The absence of Webb in the lineup for the final week of spring adds to a growing list of injuries for the team during practice as they do a little bit of roster building toward the future. Receiver Michael Chigbu’s career may be over due to lingering injuries and defensive back Divaad Wilson tore his ACL not long after enrolling this semester.

Safe to say that G-Day on Saturday might not be as physical as Smart and the coaching staff would otherwise like as a result of trying to keep the team healthy as they prepare to head into a big offseason.

Old Dominion announces remodel, expansion plans for S.B. Ballard Stadium

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Old Dominion is making sure the first word in the school’s name is not the first thing you think of when you are playing against the Monarchs, joining a long list of their FBS peers with some significant upgrades for their home venue over the coming years. In plans approved this week by the university, ODU released renderings and an updated timeline on a $65 million remodel of S.B. Ballard Stadium that is set to begin as soon as this summer.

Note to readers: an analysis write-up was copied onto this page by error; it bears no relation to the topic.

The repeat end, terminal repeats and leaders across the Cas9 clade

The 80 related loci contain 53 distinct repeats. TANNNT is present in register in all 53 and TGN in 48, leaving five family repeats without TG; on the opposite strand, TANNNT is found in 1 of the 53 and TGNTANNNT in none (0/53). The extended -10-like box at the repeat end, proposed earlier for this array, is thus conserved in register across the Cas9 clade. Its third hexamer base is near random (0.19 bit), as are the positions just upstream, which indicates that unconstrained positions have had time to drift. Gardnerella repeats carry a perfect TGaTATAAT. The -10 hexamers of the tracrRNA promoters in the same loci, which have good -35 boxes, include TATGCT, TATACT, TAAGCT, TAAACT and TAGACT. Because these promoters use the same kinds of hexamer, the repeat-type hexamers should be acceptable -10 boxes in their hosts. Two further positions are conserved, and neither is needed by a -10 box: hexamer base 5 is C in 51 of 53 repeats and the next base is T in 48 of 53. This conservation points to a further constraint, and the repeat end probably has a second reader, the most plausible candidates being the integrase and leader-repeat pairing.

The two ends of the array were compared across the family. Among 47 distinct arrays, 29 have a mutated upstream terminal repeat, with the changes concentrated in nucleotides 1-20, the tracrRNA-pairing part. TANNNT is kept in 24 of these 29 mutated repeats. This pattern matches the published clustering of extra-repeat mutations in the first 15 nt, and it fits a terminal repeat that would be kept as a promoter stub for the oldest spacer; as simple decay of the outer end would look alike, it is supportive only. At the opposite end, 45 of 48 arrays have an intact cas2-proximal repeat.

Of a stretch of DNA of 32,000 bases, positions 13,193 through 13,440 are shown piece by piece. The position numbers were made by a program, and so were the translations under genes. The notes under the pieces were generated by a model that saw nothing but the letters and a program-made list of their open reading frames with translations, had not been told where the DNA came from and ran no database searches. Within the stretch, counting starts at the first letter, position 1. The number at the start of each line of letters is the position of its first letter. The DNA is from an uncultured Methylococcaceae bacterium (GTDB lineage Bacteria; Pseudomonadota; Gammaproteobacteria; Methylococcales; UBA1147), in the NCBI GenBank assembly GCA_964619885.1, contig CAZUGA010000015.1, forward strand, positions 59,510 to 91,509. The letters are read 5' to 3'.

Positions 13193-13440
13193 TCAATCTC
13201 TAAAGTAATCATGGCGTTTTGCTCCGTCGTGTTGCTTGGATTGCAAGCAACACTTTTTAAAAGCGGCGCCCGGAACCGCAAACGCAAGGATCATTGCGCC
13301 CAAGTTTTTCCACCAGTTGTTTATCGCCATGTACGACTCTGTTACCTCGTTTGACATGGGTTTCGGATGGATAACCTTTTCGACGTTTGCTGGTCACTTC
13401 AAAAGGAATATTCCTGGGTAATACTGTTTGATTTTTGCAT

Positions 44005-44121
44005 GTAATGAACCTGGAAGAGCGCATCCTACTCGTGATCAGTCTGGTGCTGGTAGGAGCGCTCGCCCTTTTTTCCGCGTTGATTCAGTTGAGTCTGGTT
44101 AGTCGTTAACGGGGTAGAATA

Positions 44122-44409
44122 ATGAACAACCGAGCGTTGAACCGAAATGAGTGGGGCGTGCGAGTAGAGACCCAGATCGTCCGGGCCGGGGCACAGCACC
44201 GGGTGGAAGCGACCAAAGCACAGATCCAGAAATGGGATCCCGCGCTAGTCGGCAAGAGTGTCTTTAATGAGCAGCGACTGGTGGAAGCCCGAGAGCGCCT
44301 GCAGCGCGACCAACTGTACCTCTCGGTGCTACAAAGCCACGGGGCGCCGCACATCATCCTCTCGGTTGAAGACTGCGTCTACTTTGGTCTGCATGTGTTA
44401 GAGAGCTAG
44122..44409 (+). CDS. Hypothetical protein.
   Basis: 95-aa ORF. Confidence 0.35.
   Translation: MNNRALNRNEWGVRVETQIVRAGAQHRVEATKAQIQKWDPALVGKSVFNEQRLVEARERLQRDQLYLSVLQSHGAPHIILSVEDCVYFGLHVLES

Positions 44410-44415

“We are excited to begin Phase 1 reconstruction,” said Greg DuBois, the school’s vice president for administration and finance. “Fan comfort and high-quality amenities are the primary focus of this phase. The project will help us create the type of game-day experience fans want and will set us up for future expansions.”